Plaintiff and his wife then started a business to be known as "Fifth Street Club LLC" as a private social club offering adult recreational activities including pool tables, dart boards, backgammon, chess and a card table area. The club would operate in a fully renovated 8000 square foot warehouse area. Defendant attorney appeared before the local zoning board to obtain approval for operating the Club. Plaintiff alleged that defendant choreographed the presentation to the zoning board so as "to downplay the fact that poker tournaments would be held at the facility…" The Zoning Board members approved the plaintiff’s application. Plaintiff, as a police officer, was then asked to submit a legal memo to his police chief regarding "the legality of the club" that could be submitted to the prosecutors office. The legal memo was prepared by the defendant attorney, at plaintiff’s request. A PBA attorney representing one of plaintiff’s partners in the venture wrote that he was concerned that the defendant attorney’s memo "does not sufficiently address the legal issues involved in this business venture." The County Prosecutor’s Office began investigating the Fifth Street club for alleged illegal gambling activities. Plaintiff was arrested and suspended from duty as a police officer. He and his wife were then indicted on multiple counts of perjury and illegal gambling. Plaintiffs then entered a global plea agreement. He thereafter sought to withdraw the guilty plea as having been coerced, which was denied and affirmed on direct appeal. Plaintiffs then filed this legal malpractice claim which was dismissed by way of summary judgment, based on Alampi v. Russo, 345 N.J. Super 360 (App. Div. 2001) where because of the underlying guilty plea, the malpractice plaintiff would be barred in a later malpractice action against the lawyer from taking an inconsistent position with the factual basis he gave to induce the criminal court to accept his guilty plea. Here, however, the facts are distinguishable.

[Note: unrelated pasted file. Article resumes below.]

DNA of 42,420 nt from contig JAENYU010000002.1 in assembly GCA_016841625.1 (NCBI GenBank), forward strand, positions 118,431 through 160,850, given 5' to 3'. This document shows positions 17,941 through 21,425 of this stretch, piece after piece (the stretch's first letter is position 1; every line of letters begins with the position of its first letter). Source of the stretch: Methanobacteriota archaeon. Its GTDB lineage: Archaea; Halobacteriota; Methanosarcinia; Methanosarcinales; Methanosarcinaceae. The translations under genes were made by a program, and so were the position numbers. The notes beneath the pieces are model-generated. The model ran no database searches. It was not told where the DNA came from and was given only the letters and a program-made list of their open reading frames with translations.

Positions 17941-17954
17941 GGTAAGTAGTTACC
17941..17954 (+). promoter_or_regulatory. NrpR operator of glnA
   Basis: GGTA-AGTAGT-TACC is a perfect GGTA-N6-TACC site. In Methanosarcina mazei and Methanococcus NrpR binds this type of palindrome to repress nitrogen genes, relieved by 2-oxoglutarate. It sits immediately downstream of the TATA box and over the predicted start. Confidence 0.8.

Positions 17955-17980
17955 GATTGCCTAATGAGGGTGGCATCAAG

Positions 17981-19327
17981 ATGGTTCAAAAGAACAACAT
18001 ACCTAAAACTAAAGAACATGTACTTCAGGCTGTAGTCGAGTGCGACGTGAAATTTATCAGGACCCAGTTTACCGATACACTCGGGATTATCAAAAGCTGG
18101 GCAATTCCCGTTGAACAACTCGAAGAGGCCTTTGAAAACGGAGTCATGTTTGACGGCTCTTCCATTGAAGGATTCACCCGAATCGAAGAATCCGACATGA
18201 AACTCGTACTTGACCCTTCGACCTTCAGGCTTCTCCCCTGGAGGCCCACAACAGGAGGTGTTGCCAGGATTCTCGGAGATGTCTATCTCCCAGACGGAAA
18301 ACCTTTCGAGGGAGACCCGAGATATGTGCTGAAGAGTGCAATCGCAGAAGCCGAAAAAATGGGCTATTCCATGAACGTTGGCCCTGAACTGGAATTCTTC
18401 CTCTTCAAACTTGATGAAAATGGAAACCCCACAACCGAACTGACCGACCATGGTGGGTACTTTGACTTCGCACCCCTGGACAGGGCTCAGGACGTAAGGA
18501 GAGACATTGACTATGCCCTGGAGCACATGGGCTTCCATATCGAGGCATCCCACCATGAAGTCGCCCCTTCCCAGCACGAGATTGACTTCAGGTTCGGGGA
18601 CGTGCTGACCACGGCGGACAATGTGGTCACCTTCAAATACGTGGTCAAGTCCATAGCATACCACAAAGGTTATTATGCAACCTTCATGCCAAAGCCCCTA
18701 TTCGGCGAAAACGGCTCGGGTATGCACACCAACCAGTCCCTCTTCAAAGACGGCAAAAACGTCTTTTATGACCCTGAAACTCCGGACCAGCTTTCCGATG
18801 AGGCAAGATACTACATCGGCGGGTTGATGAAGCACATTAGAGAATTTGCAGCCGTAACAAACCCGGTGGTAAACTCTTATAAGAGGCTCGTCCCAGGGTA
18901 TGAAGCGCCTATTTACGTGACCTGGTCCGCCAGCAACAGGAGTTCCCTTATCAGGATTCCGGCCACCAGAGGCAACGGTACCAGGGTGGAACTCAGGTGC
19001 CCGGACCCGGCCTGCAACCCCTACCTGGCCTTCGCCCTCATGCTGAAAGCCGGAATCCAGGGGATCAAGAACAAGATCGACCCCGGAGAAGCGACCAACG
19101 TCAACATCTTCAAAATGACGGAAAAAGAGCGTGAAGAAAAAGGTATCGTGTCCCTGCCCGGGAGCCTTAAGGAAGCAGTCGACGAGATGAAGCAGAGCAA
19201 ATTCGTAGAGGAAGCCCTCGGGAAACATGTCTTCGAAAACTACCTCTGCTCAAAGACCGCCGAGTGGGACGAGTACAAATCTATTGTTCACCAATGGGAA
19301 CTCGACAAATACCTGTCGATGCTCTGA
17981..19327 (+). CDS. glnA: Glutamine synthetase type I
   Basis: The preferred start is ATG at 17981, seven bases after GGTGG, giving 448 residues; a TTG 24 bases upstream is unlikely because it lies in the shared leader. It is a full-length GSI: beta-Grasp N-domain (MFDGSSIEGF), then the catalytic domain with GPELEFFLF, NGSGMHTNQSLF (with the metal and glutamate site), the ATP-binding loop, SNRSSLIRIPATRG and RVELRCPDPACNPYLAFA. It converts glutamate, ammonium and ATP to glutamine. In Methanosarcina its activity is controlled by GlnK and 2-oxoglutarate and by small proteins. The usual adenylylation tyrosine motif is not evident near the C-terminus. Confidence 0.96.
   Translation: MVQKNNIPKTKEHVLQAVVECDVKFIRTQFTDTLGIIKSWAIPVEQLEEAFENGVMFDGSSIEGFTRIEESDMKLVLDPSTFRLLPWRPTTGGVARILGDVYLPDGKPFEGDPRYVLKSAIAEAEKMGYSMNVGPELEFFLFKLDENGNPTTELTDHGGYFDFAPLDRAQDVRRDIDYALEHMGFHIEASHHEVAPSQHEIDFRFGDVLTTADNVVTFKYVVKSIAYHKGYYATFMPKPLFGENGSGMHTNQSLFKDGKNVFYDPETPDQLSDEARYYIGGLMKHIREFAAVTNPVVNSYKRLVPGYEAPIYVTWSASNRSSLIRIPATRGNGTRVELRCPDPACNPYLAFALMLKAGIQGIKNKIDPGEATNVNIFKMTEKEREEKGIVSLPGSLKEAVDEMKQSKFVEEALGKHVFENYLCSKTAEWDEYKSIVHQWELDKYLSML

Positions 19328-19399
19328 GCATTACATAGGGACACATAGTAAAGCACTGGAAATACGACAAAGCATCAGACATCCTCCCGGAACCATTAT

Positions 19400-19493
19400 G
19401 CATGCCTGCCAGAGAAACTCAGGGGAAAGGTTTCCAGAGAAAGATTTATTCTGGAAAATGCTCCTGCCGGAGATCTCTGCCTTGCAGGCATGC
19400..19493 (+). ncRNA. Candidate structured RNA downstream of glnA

Here, the plaintiff admitted to the illegal activities which occurred only "after he had retained defendant [lawyer] as his legal advisor…"